Stevenson, Robert Louis
|Birthname||Robert Louis Balfour Stevenson|
|born on||13 November 1850 at 13:30 (= 1:30 PM )|
|Place||Edinburgh, Scotland, 55n57, 3w13|
|Timezone||GMT h0e (is standard time)|
|Astrology data||20°52' 08°10 Asc. 11°42'|
Scottish writer, novelist and poet whose stories are noted for adventure and imagination. Some of his most famous works are "Treasure Island" published in 1883, "A Child’s Garden of Verses" 1885, "The Strange Case of Dr. Jekyll and Mr. Hyde" and "Kidnapped" 1886.
A frail, sickly child, his poor health due to a lung condition continued throughout his life. His adoring and possessive parents filed away everything of his from infancy onward. Stevenson’s father, Thomas, an overbearing man, was a marine engineer to the Board of Northern Lighthouses. His first work, "Pentland Rising of 1666" was published in 1866. When Robert entered Edinburgh University in 1867 it was to study engineering, which he abandoned for law. He was admitted to the bar as advocate in 1875. One of his letters reveals he bought hashish as a young man. During his school years he contributed to the "Edinburgh University Magazine" in 1871 and "Portfolio" in 1873. Suffering from tuberculosis, Stevenson frequently traveled in search of health. While traveling he wrote essays, short stories, copious letters, travelogues, including "Travels With a Donkey in the Cevennes" in 1879 and some autobiographical material. A visitor to so many doctors, he dedicated one of his books to 11 of them.
A verbose person, Stevenson wrote down everything including minutia. In 1878 he traveled by emigrant ship and train to California where he met and married Fanny Osbourne, then settled for a time in Saranac, NY, returning to Scotland in 1883. Collaborating with W. E. Henley, Stevenson wrote a few dramas in the 1880’s. In 1888 the family set out for the South Seas and settled in Vailima, Samoa, three miles from the town of Apia, where he temporarily recovered his health. He wrote "The Master of Ballantrae" in 1989 and "A Footnote to History" about the Pacific Islands and the affect of British colonialism was published in 1892. "Stevenson, A Life" was written by Graham Balfour and published in 1901 and was followed by several other biographies. "Selected Letters of Robert Louis Stevenson" edited by Ernest Mehew for Yale University Press was published in 1994. John Singer Sargent painted some portraits of him.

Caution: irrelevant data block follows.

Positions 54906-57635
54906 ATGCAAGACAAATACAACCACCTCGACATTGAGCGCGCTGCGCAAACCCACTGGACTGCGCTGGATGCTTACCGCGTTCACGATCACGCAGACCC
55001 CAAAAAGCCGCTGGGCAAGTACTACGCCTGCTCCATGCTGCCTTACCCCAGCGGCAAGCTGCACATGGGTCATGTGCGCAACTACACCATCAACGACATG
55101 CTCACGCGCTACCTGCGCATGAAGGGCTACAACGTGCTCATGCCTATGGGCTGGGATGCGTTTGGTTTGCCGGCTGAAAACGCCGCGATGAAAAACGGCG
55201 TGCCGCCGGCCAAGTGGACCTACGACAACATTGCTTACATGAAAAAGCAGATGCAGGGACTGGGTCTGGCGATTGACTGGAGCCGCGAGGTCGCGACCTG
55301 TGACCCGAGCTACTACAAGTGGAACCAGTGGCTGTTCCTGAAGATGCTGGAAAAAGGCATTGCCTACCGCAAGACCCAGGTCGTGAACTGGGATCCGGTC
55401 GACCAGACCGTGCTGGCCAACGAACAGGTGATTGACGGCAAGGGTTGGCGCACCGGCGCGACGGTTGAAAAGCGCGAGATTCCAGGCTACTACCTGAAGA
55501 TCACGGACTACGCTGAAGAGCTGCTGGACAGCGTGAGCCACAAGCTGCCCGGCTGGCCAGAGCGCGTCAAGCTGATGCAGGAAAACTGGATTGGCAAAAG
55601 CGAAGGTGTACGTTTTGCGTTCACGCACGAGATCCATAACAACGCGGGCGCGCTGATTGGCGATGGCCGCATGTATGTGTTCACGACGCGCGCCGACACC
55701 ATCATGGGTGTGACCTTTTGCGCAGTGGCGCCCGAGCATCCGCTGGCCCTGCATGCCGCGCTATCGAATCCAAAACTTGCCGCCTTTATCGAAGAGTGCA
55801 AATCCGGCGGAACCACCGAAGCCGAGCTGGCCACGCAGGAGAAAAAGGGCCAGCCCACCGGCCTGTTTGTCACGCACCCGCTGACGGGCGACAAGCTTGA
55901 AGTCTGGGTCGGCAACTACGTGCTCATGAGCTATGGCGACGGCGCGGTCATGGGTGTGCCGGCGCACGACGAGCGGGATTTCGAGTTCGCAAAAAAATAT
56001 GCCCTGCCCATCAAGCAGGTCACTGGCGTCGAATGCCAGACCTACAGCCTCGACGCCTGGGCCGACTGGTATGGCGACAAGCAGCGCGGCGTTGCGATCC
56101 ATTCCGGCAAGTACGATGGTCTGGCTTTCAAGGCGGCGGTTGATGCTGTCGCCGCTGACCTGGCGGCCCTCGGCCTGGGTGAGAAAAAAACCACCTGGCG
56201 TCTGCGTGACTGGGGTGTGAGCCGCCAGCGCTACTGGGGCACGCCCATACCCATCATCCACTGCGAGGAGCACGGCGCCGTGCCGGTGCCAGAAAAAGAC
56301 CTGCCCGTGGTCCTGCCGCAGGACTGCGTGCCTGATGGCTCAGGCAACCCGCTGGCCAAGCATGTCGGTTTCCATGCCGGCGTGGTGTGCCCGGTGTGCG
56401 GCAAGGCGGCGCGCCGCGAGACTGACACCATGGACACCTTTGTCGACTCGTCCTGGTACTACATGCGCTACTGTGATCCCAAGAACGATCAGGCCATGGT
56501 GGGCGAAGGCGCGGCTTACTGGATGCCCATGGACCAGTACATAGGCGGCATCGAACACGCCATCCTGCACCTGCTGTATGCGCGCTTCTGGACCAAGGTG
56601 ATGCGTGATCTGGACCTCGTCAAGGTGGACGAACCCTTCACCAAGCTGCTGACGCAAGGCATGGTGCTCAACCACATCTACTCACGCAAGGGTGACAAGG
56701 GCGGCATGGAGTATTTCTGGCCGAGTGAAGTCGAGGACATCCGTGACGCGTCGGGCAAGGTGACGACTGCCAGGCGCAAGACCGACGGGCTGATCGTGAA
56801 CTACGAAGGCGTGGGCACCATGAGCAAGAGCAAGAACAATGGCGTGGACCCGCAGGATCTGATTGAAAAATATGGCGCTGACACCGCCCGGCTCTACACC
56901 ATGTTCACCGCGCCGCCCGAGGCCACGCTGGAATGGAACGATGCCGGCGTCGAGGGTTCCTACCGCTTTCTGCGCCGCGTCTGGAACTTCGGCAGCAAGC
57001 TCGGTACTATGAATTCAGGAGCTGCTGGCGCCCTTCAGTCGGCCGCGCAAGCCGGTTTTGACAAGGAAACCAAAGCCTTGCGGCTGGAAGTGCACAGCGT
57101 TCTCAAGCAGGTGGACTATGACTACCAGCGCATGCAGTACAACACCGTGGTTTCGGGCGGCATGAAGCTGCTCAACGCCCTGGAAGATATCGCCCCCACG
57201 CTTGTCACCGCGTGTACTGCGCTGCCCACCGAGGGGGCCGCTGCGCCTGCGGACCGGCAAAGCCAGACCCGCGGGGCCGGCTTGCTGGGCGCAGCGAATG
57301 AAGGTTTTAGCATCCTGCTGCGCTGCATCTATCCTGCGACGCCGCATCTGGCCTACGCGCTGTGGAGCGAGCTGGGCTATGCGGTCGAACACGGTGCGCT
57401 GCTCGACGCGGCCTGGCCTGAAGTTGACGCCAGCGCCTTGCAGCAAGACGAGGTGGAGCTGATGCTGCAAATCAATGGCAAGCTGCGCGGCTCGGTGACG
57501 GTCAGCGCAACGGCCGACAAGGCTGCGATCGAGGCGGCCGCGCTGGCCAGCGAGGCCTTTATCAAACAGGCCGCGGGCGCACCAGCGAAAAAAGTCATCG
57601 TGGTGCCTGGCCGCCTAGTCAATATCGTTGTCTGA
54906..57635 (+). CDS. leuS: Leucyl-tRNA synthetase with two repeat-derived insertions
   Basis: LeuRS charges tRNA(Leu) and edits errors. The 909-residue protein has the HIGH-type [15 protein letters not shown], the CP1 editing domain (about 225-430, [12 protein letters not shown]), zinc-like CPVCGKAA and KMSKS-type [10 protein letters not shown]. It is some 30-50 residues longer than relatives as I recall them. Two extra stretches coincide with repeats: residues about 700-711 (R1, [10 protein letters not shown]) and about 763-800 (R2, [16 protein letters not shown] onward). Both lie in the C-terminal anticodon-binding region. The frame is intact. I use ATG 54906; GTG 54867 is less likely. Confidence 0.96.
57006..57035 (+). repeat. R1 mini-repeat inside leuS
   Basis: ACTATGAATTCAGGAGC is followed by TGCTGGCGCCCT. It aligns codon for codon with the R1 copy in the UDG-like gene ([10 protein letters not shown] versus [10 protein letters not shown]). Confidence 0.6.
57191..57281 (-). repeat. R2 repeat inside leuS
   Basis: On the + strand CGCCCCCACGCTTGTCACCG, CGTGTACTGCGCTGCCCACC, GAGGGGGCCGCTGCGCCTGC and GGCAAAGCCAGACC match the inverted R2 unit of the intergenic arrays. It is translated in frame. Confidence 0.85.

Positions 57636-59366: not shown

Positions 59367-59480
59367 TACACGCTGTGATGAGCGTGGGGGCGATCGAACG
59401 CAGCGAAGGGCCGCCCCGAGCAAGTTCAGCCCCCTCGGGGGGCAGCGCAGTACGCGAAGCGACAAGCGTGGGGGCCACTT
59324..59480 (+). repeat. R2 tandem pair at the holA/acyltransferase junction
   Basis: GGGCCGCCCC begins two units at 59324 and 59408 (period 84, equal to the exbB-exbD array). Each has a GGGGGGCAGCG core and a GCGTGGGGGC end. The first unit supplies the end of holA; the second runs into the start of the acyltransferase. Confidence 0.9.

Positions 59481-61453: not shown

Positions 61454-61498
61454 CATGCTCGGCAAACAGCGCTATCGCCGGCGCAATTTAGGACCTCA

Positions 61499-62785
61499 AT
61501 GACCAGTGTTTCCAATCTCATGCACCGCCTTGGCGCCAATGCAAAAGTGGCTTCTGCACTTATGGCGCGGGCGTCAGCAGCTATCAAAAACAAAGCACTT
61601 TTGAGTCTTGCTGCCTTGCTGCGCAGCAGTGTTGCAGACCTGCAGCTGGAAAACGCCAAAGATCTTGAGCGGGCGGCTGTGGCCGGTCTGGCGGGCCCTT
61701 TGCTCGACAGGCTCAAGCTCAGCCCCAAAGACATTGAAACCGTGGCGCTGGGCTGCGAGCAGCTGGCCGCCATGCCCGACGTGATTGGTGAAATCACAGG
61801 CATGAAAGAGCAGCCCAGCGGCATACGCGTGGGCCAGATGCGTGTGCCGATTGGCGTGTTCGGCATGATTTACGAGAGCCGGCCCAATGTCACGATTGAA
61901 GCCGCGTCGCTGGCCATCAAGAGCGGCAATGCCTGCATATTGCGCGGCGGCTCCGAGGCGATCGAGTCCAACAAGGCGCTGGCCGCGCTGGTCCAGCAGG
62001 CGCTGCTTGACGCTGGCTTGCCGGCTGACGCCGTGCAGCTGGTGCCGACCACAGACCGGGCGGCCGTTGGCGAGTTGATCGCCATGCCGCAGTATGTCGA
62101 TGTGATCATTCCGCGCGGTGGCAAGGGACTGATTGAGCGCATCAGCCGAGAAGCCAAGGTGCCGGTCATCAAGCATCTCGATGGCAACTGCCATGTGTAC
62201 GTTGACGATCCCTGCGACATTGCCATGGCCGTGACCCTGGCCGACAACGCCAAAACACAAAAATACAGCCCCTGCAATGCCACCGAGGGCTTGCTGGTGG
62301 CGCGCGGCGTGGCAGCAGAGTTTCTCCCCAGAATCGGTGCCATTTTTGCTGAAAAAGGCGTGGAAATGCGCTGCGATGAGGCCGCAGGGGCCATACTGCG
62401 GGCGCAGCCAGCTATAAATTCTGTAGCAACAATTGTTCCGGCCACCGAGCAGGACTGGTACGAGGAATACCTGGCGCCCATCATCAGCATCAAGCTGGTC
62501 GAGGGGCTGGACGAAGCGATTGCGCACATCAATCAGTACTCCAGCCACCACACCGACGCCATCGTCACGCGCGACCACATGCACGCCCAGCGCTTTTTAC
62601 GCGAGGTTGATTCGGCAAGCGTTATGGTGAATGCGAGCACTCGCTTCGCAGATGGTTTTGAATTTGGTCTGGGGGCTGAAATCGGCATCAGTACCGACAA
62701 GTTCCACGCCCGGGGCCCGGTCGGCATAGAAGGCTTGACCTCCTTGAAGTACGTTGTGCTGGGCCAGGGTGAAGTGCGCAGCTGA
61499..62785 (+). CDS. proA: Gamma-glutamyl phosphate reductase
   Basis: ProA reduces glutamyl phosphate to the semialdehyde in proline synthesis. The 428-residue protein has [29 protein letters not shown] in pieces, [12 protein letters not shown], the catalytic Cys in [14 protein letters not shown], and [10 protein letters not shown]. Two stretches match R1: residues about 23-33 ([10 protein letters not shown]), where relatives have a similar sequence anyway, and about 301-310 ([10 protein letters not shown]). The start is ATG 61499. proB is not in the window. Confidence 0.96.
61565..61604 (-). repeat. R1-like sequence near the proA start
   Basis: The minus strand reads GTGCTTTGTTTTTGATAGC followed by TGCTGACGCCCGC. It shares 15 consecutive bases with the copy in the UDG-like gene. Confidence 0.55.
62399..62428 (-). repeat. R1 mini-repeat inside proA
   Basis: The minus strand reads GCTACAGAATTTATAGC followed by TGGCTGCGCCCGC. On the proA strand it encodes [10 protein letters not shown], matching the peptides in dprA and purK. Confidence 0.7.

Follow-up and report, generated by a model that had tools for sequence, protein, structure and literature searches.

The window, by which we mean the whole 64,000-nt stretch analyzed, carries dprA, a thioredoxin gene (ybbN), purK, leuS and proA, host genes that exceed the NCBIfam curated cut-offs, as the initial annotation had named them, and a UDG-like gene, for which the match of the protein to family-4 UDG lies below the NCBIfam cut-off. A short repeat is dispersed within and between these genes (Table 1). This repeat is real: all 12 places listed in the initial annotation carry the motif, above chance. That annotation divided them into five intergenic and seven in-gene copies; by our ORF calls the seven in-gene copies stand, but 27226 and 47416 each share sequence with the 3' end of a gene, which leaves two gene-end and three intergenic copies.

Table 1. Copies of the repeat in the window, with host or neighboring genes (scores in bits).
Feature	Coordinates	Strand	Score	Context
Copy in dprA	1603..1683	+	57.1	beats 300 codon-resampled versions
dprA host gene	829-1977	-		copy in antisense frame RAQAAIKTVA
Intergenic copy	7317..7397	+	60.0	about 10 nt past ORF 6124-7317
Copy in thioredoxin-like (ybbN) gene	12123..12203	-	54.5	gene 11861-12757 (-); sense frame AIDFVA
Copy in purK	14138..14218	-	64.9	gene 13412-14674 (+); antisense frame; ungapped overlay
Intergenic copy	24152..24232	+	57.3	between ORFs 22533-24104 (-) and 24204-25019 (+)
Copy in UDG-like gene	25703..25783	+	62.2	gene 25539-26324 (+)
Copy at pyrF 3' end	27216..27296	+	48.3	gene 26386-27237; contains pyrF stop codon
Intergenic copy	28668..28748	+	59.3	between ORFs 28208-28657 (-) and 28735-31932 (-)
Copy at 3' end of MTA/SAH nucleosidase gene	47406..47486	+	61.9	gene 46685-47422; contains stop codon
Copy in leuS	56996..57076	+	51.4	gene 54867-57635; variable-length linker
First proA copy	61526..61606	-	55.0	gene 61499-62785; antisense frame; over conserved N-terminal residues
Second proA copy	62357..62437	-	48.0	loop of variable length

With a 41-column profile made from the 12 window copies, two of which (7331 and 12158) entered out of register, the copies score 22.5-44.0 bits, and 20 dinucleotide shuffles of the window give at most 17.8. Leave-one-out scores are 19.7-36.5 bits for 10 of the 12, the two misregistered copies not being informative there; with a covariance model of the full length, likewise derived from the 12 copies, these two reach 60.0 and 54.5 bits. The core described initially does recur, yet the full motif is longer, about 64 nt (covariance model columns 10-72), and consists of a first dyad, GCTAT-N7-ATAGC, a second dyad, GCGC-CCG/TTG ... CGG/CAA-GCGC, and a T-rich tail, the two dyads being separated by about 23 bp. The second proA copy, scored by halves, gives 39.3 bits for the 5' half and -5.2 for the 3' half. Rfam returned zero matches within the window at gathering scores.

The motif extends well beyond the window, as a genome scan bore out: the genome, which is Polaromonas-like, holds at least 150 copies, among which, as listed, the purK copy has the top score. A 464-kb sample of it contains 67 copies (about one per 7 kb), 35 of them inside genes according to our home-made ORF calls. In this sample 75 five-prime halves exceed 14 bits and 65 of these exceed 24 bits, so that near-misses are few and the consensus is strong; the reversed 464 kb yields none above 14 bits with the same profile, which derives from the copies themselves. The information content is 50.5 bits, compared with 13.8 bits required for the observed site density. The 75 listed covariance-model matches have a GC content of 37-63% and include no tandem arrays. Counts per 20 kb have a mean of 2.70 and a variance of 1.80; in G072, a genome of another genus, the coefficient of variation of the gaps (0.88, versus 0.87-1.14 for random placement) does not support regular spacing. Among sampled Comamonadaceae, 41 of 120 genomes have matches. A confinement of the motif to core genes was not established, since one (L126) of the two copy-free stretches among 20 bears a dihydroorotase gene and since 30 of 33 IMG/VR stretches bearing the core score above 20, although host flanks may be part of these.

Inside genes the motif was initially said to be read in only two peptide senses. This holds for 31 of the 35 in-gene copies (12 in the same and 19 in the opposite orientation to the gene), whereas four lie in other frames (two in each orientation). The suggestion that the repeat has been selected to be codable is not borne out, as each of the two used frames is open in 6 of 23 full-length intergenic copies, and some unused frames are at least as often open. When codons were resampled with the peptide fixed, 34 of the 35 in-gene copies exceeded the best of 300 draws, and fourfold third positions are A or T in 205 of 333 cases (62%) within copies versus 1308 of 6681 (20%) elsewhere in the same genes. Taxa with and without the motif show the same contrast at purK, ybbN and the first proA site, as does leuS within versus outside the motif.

Stevenson and Frances Sitwell Osbourne, a divorcee and aspiring painter 11 years his senior, were married in 1880. His family and many of his friends didn’t think the marriage should have taken place. Due to his health problems, the family, including Stevenson’s mother and his two stepchildren, Lloyd and Belle Osbourne, moved to Samoa, stopping in Hawaii and Australia on the way. Belle became her stepfather’s secretary and took his dictation even on the last day of his life as he worked on his unfinished masterpiece, "The Weir of Hermiston." Fanny is said to have become jealous of her daughter, but is given credit for taking care of him and improving his health while they were in the South Seas.
Stevenson died suddenly of stroke, cerebral hemorrhage, 12/03/1894, 8:10 PM . He was buried 4:00 PM 12/04/1894 on Mount Vaea and his grave marker contains the text of his most famous poem, "Requiem."
- friend relationship with Gosse, Edmund (born 21 September 1849)
- friend relationship with Munro, Neil (born 2 April 1864)
Arthur Blackwell quotes Family Records. (Same in Sabian Symbols No.869, NN No.243).
Sy Scholfield quotes same data from Margaret Isabella Balfour Stevenson (et al)'s "Stevenson's Baby Book: Being the Record of the Sayings and Doings of Robert Louis Balfour Stevenson" (San Francisco: Howell, 1922).
- Diagnoses : Major Diseases : Stroke (Terminal)
- Lifestyle : Home : Expatriate (U.S. and Samoa)
- Vocation : Writers : Fiction
- Vocation : Writers : Poet
- Notable : Famous : Historic figure (Famed writer)
- Notable : Famous : Top 5% of Profession
- Notable : Book Collection : American Book